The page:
Deploying Static WebApps - A Step by Step Guide
From index.html to a website on a custom domain
This post assumes you know how to build a static website and merely touches over the options. This is intended as a deployment guide.
Building a website
There are a lot of options to host static content. While most content creators would prefer the comfort of a service like WordPress, as a developer, I tend to prefer a little more control. GitHub Pages provides both freedom and version control. The decision tree is just getting started here! You can create a website in GitHub using either of the following two ways.
GitHub Pages template using Jekyll
There are some basic templates provided by GitHub Pages as jumping-off points. You can consider them as some sort of theme, and build based on top of that. The pages can be written in HTML or Markdown, and you can add styles and scripts to enhance functionality and experience. This uses Ruby to build the contents and might need some learning and getting used to before you can properly control it. Find more details about this option at Jekyll. The benefit of using this option is that GitHub handles the building and rendering the site.
Using a UI framework of your choice
You can use any of the prevalent UI frameworks like Angular, React, Vue, and the sorts to generate a static site. You have to build the artifacts and configure GitHub Pages to render the contents of the build or dist folder. More options here:
- You can build the source code and commit the folder to be served
- You can set up a build pipeline (I prefer Travis CI).
As Uncle Ben once said, “With great power, comes great responsibility”.
On your repository, if you visit the setting sections and scroll down to GitHubPages, you’ll find the option to select a branch and root folder. By default, nothing will be selected. See below a basic setting that will create a page with the root folder, and use the README.md or index.html as the starting point. The hosted URL will be of the form:
The site is now hosted on GitHub, using your username as a sub-domain. This is a good place to start and see changes. GitHub Pages is available only for public repositories for free members.
Porting to a custom domain
There comes a certain point in life where you want more! So one fine morning, you purchase a domain. There are again a lot of options out there and needs a post of its own. For context, I purchased mine from Google domains, and it will cost me about a thousand Indian Rupees per year. As your hairs start greying, you’ll make more websites, which might be related to the same domain. Instead of purchasing multiple domains for a group of things, we can leverage the same one, thus reducing cost.
The bad idea
Set up different subprojects and make folders inside the build directory. This will work, but the change of themes as the user browses through the same website will baffle them, not to mention that hosting different websites as subfolders will be unprofessional (example, mark.com/facebook, mark.com/instagram and so on). [Disclaimer: The author just came up with these links and are not meant to be visited. The author, aka me, will not be responsible for any or all losses incurred in an attempt to navigate to the aforementioned links.]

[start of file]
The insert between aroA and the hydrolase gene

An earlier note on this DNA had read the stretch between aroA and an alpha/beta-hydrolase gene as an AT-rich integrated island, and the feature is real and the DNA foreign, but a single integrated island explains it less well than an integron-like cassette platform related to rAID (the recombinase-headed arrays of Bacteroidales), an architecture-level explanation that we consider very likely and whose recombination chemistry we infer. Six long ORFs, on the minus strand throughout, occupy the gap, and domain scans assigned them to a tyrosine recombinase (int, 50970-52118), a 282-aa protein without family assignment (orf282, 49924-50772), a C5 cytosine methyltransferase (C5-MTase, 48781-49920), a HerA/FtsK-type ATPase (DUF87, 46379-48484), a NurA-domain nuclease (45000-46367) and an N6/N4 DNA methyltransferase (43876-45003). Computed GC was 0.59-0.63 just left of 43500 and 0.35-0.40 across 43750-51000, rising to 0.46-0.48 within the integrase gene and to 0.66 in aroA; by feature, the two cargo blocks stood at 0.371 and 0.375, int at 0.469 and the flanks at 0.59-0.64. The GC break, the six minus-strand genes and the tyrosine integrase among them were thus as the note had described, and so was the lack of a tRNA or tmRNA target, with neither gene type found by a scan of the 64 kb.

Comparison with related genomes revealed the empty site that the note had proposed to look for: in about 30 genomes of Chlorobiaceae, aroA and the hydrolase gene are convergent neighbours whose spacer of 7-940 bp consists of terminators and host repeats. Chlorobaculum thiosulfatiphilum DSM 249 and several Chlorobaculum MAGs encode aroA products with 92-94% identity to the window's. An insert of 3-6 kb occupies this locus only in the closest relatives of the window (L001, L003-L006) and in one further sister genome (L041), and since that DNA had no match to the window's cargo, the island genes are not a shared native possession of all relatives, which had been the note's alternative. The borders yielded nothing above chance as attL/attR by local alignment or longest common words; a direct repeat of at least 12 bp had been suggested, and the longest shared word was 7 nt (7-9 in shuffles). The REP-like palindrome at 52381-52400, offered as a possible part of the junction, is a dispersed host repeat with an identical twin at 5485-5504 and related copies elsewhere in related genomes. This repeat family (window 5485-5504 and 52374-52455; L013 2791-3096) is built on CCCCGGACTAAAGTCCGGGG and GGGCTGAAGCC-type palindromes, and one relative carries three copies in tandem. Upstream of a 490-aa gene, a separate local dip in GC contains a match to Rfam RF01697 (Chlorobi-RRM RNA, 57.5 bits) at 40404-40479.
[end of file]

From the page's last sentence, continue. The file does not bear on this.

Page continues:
Subdomains to the rescue
Yes, www is a subdomain. The subdomain is an optional part and can be committed (check Medium URL). Generally, the apex domain (medium.com) and subdomain www (medium.com) point to the same resource or are redirected. We can use subdomains to host different sites, all under the same domain name. Continuing the example from above, the two sites now will be facebook.mark.com and https://instagram.mark.com.
Let us jump to the configurations now.
Step 1: Setting up A record
You need to configure the A record so that it points to the Github Pages servers. The screenshot below shows the configuration for my domain. The IPs will be the same, but it is better to read some more about this from the GitHub doc.
A record configuration
Step 2: Setting up a subdomain
This is the easiest step, as shown below- just add a CNAME record to point to your GitHub URL (remember .github.io). Generally, this takes a while to set up.
CNAME configuration, by Niladri Roy
Step 3: Configuring GitHub
Back at the GitHub repository settings page, fill in the box for “custom domain” and hit save. It will need some time to take effect. If your domain uses HTTPS, you can enforce HTTPS. This option will be enabled once the other things are set up by GitHub. A file called CNAME will typically be committed to the root of your repository by default. If this file is missing, please add one with the following details:
In my case, the resulting line is omscs.royniladri.dev (no protocol or slashes). It should contain just this line and nothing else. The subdomain is in square brackets because it is optional — you can host a GitHub Pages website on the apex domain.
GitHub Pages using a custom domain
After all the settings are done, check back in an hour to find your newly hosted site. The icing on the cake is the fact that the old URL still works. If you had shared your .github.io URL, all future requests are automatically forwarded to use the custom domain with no additional setup.
May the domain be with you! — A curious developer
[P.S. If you are interested in checking out the site, visit OMSCS Journey.]
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